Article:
The following are some personal reflections I wrote on my flight last week from Santa Cruz, Bolivia to the US, where I made a brief stopover before returning to Europe.
It is a fascinating experience for me to interact with these Latin American audiences. The last two days, I have been in Santa Cruz, Bolivia. As in many of the places I have gone recently, participants rarely have visible reactions to speakers, and it is difficult at times for me to tell if they are passive or pensive. Then, at the breaks or at the end of the day, they overflow with enthusiasm, often commenting that they found the presentation “inspirational”. It has been gratifying to see that they are in fact thinking deeply, and that what I am saying has a true impact.
The Latin American tour with Harvard Business Review was at the same time tiring and energizing. Tiring because I changed locations every 1-2 days and also because there were a lot of interviews, meetings and dinners. So, there was little “down time”, and little sleep. On the other hand, it was energizing because there were interesting audiences and organizers at every event, and I found the interchange with them to be a rewarding learning experience.
This conference series is also different and fun because it is my first major tour completely in Spanish. In the past, I have done some of the speaking in Spanish with slides in simple English, and some conferences completely in English with simultaneous translation. Preparing for a complete tour with all the slides and speeches in Spanish was enlightening. Changing languages caused me to discover new ways to say things, both in Spanish and in English. Audiences often aid me in this process with their questions, as people sometimes ask, “Could you think of it this way, or say it that way?” All in all, it has been an interesting linguistic as well as conceptual exercise.
I also realized again that contact with an audience in their own language has enormous benefits, both for the speaker and the participants. It is simply far more natural for me and for the audience to interact directly rather than through a team of translators.
One of the elements I enjoy about going on a tour is interacting with the people, particularly in new places. This trip brought me for the first time to the Central American republic of El Salvador, where I spoke to a large crowd at the Harvard seminar on “Leading with your personal stories of identity”. This small, Pacific nation of six million football-mad (by their own description) people is living a time of great prosperity today.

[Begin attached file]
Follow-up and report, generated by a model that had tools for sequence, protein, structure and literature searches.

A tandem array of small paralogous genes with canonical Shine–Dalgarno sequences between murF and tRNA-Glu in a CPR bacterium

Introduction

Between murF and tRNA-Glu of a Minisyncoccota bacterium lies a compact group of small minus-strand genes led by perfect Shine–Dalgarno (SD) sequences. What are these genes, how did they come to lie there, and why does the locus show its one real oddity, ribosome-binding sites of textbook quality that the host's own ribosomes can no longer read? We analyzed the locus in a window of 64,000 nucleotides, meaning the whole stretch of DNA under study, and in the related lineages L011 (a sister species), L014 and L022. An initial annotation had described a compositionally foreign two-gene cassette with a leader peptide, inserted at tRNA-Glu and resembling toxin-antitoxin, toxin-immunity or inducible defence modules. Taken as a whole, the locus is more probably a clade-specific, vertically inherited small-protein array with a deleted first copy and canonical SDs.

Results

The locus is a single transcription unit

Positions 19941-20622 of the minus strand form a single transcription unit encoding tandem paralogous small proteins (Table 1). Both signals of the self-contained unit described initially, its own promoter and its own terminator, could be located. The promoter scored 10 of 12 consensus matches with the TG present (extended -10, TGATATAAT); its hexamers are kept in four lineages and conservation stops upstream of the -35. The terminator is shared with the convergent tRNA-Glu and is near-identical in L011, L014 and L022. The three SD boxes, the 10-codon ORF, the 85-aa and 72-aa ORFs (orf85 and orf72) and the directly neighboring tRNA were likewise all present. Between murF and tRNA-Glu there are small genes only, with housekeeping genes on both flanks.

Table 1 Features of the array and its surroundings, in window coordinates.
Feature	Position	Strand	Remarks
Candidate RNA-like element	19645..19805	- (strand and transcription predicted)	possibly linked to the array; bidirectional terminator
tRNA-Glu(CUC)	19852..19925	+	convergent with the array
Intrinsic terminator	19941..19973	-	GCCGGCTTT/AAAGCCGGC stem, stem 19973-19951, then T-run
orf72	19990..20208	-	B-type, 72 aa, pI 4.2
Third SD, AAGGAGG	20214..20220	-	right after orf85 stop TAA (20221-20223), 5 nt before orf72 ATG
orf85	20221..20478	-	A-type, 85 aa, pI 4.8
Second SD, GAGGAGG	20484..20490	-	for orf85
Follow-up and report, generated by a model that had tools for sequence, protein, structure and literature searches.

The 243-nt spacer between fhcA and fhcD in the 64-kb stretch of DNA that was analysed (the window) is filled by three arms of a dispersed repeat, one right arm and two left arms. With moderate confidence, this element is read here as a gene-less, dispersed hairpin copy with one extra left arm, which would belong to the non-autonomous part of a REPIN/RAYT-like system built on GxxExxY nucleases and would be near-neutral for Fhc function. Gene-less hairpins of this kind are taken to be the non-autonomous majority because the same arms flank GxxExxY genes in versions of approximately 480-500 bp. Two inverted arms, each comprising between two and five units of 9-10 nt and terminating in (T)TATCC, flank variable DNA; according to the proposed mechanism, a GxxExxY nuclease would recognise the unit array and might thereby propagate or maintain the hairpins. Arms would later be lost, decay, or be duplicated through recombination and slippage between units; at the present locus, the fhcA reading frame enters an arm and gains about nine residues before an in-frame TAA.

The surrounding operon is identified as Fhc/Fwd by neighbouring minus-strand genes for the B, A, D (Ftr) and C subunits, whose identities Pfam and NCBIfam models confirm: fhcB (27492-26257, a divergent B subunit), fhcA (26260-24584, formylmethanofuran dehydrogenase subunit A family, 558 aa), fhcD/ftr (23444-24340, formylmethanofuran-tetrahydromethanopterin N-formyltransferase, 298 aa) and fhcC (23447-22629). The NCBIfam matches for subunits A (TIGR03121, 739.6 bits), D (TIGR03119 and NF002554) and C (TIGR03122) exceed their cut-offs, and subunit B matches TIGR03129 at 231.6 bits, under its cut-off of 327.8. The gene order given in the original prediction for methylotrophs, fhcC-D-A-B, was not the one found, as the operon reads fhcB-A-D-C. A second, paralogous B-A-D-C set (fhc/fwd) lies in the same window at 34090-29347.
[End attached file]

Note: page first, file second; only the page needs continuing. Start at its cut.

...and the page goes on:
In fact, many attendees and organizers of my conferences commented that this is a very interesting moment in the history of several Latin American countries. Several even said that, in spite of the current morose environment in Europe and the US, most of Latin America is living “the most extended period of wealth creation and prosperity in its history.” Certainly, one could argue that such is the case in El Salvador, Peru, and eastern Bolivia.
Still, we must be cautious with respect to the current economic prosperity of the region. A country like El Salvador does significant trade with the US, and they will be somewhat adversely affected if American consumption falls for an extended period. In addition, the economies of countries such as Bolivia, Peru and Argentina are currently benefiting from very high commodity prices. The challenge will be to use the resources of the current boom to build a solid industrial base and national infrastructure. But, at least for now, the region seems to be living through quite a successful and optimistic phase.
Perhaps as an offshoot of this prosperity, there seem to be vast numbers of people interested in the subject of leadership, far more than in my past experiences here. In my audiences were significant numbers of not only CEOs, but also of middle managers and HR directors, curious about how to tap the leadership potential of employees at all levels of their organizations. I was quite pleased to note this phenomenon, as it may signal a movement toward more inclusive and less authoritarian styles of management.